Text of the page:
Talk to your taxidermist about it before you decide. It would be a really bad idea to just use it anyway because the weight reduction works for you.

    Best of luck.

    -Mike
    Your link didn't show up as a link...
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    Speaking of limited experience, have you ever used it Mike?

    Talking to the taxidermist is a great idea but most here do not seem to have much experience with it. It saves weight and really sucks the moisture out of the hide. It seems to work very well.

  6. #6

    Default Well

    I've phoned and talked to people at McKenzie, Jonas Bros., Flagg Group, and some individual shop owners. Most have little or no experience with it, however the ones that do, don't recommend it over salt.
    They say the hides they've done are too dry almost brittle at thin spots like lips and ears.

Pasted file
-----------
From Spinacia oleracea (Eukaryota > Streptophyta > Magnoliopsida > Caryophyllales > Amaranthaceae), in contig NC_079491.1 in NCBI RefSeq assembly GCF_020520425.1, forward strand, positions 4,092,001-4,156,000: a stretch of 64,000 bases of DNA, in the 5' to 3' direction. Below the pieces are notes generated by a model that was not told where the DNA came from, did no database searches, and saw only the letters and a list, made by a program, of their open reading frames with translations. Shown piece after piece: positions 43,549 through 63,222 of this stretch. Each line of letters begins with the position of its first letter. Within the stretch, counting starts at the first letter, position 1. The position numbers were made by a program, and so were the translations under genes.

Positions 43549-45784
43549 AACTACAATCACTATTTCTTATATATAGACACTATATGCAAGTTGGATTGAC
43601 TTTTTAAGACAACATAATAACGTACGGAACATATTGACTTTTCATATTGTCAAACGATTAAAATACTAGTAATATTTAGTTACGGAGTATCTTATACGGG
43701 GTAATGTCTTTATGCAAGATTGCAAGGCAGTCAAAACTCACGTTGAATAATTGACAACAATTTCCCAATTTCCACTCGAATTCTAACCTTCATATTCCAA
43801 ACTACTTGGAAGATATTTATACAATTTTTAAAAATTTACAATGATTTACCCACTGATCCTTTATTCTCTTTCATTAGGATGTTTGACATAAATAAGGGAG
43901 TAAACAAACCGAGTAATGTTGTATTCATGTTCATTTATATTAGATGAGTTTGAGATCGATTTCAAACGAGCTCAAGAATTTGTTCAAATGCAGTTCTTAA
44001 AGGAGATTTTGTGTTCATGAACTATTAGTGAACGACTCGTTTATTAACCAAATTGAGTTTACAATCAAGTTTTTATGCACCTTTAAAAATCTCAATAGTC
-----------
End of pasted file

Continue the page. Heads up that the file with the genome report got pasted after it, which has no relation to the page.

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    Moderator stid2677's Avatar
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    Default Total Throphy Care

    I have used this on a couple of animals. They all turned out fine, no hair slippage. It will dry out the hide, but that is what you want. I will say you should flesh it good first. This will solve most issues, the hide has to be rehydrated to mount anyway. I use it on fly-ins were space and weight are an issue. If you have the room take salt as it is much cheaper, but if space and weight are an issue take the TTC. If you are going to an established drop off, there might be salt there already. Most drop camps I have been into had salt, fuel and other stuff hunters have left. I feel that it is a good product. Here are some photos of my sheep that was done with TTC, took me 8 days to get him back and it rained everyday.